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Re: You are slightly missing the point

'The college's policy is probably due to a desire for a "one-size-fits-all" approach where esoteric chemistry files are treated the same way as payroll files.'

This is the point. One size does not fit all and trying to lay down the law on the basis that it does it just plain wrong.

Another aspect of this is that if you're going to insist on running the backups for the payroll you whould be able to demonstrate to the payroll management that your claimed backups are actually viable. As I've written in other threads the main requirement of a sysadmin or DBA is paranoia. You'd think that after such an incident the KCL team should be thoroughly paranoid now, even if they weren't before. From what's reported here there's no evidence of that.

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Re: You are slightly missing the point

"What about faculty who keep patient information for clinical research?"

Come to that, to what extent was KCH affected by this?

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Re: You are slightly missing the point

"Hackers will steal chest X-rays of healthy people to pass screening tests that they might otherwise fail."

Darwin award candidates.

Firefox hits version 50

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Re: I like GUIs to be obvious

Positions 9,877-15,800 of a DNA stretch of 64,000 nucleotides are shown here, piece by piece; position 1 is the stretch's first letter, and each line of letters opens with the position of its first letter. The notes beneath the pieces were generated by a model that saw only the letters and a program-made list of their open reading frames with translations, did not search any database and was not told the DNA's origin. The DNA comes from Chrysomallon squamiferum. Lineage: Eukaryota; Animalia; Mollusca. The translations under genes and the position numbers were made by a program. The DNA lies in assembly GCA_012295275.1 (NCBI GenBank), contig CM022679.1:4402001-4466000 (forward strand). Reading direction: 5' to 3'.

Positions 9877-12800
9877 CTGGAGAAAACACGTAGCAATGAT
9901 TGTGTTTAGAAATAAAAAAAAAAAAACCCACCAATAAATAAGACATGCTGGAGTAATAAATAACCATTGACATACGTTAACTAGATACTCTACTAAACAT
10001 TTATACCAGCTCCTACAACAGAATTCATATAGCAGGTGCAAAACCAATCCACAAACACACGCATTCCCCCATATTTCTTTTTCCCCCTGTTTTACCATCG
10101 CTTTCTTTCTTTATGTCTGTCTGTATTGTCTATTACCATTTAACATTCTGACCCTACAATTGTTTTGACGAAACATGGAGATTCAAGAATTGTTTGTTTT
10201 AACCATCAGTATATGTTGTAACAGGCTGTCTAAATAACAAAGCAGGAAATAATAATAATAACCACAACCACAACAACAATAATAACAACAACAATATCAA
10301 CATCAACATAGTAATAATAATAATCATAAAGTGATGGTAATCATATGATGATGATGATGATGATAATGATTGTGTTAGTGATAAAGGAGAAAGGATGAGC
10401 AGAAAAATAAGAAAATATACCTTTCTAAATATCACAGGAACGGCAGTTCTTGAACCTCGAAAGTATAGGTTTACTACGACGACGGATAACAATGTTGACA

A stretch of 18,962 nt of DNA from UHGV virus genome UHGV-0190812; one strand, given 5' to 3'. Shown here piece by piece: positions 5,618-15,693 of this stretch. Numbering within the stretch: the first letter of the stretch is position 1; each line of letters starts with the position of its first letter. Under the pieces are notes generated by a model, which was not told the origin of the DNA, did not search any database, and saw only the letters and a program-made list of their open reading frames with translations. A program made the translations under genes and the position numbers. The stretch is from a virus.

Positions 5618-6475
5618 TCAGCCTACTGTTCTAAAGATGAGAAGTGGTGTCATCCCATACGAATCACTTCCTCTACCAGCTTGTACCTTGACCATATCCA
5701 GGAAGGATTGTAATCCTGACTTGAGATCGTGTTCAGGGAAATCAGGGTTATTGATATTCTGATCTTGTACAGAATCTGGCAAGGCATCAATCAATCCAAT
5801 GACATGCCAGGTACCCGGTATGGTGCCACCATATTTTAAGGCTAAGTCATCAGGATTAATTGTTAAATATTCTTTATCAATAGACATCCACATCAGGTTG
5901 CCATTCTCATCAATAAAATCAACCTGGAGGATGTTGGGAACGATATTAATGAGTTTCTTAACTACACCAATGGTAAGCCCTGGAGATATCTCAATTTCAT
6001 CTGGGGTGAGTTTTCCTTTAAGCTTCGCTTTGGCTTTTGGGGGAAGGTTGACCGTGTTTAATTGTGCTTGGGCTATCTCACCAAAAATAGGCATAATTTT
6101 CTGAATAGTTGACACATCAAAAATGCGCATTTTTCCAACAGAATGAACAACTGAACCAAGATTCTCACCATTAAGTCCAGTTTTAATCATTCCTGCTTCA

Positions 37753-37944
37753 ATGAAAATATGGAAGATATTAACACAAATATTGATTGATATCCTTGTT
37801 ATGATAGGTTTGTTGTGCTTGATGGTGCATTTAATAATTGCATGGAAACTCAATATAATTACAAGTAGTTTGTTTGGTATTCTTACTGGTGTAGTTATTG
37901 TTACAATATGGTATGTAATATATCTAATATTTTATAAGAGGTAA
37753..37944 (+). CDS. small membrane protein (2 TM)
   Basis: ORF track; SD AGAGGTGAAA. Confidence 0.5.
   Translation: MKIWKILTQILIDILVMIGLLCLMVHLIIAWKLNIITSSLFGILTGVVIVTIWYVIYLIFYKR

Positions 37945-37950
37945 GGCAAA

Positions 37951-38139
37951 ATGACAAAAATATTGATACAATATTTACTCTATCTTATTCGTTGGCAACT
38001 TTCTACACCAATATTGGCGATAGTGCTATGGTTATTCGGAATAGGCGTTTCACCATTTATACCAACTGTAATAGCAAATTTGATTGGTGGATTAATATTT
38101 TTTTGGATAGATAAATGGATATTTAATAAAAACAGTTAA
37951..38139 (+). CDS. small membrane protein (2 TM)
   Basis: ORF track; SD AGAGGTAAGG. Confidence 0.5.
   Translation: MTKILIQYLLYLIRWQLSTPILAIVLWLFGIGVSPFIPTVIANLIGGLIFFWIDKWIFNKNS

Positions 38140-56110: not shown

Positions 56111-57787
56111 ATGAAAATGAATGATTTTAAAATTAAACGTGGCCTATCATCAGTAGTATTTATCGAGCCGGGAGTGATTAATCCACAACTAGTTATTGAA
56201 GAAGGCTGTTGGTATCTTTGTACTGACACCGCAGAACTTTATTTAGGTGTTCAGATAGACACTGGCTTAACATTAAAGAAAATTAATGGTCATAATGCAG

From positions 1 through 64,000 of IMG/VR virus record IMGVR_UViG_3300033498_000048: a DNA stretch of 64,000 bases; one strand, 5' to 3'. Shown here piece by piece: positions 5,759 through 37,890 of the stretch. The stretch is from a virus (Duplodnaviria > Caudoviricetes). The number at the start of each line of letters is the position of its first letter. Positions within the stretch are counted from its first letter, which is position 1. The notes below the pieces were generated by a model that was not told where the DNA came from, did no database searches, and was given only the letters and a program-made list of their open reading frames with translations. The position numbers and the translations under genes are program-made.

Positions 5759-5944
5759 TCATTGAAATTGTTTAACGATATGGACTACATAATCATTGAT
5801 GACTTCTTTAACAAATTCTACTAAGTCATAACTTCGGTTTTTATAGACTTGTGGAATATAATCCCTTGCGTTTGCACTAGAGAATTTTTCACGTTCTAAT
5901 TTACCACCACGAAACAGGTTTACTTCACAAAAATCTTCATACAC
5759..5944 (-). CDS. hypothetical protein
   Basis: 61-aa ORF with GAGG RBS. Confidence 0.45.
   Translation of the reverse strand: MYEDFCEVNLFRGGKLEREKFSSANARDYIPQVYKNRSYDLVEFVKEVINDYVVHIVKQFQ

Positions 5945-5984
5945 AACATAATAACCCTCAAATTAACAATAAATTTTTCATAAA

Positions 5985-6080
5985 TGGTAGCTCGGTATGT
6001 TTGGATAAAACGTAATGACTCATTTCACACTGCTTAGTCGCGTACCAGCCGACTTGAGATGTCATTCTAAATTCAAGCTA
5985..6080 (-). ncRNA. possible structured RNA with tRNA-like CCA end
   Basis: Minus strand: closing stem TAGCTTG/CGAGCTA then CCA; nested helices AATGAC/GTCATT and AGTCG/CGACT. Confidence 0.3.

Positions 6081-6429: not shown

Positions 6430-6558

"Stop fiddling with cosmetics and GUI."

It sounds as if what you really need is Seamonkey - browser and Thunderbird in a single package with a plain vanilla interface.

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Re: This being an IT site

"Perhaps it is worth noting that we have version 50.0 on FreeBSD as well."

And given a more normal numbering scheme it would probably be somewhere around 6.8.5 on all platforms.

IT outsourcing is soooo passé, says outsourcing giant Fujitsu

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"We don't use the word restructuring, we use the word transformation. This is not a euphemism for us."

No, it's hyperbole.

Forget razors and blades, APIs are the new gotcha

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"Your not seeing it."

And you're not spelling it properly.

Security bods find Android phoning home. Home being China

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Re: I don't see espionage

"show me pictures of Percy" and see pictures of my black moggy

It doesn't do slang, then.

Mac book, whoa! Apple unveils $300 design tome

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a USB-A cable that only goes in its socket 50% 33% of the time


Navy STEALS? US sailors dispute piracy claim

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Re: Lawyer normal

"neither (b) nor (c) is considered in any way an admission that (a) is untrue."

That's accepted. But falling back on "We're the Gubbinment, we don't have to pay" as your (c) is tantamount to saying "Remove my credit rating for all future deals".

Dirty code? If it works, leave it says Thoughtworks CTO

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Re: What?

D) You'll have changed jobs and it'll be someone else's problem.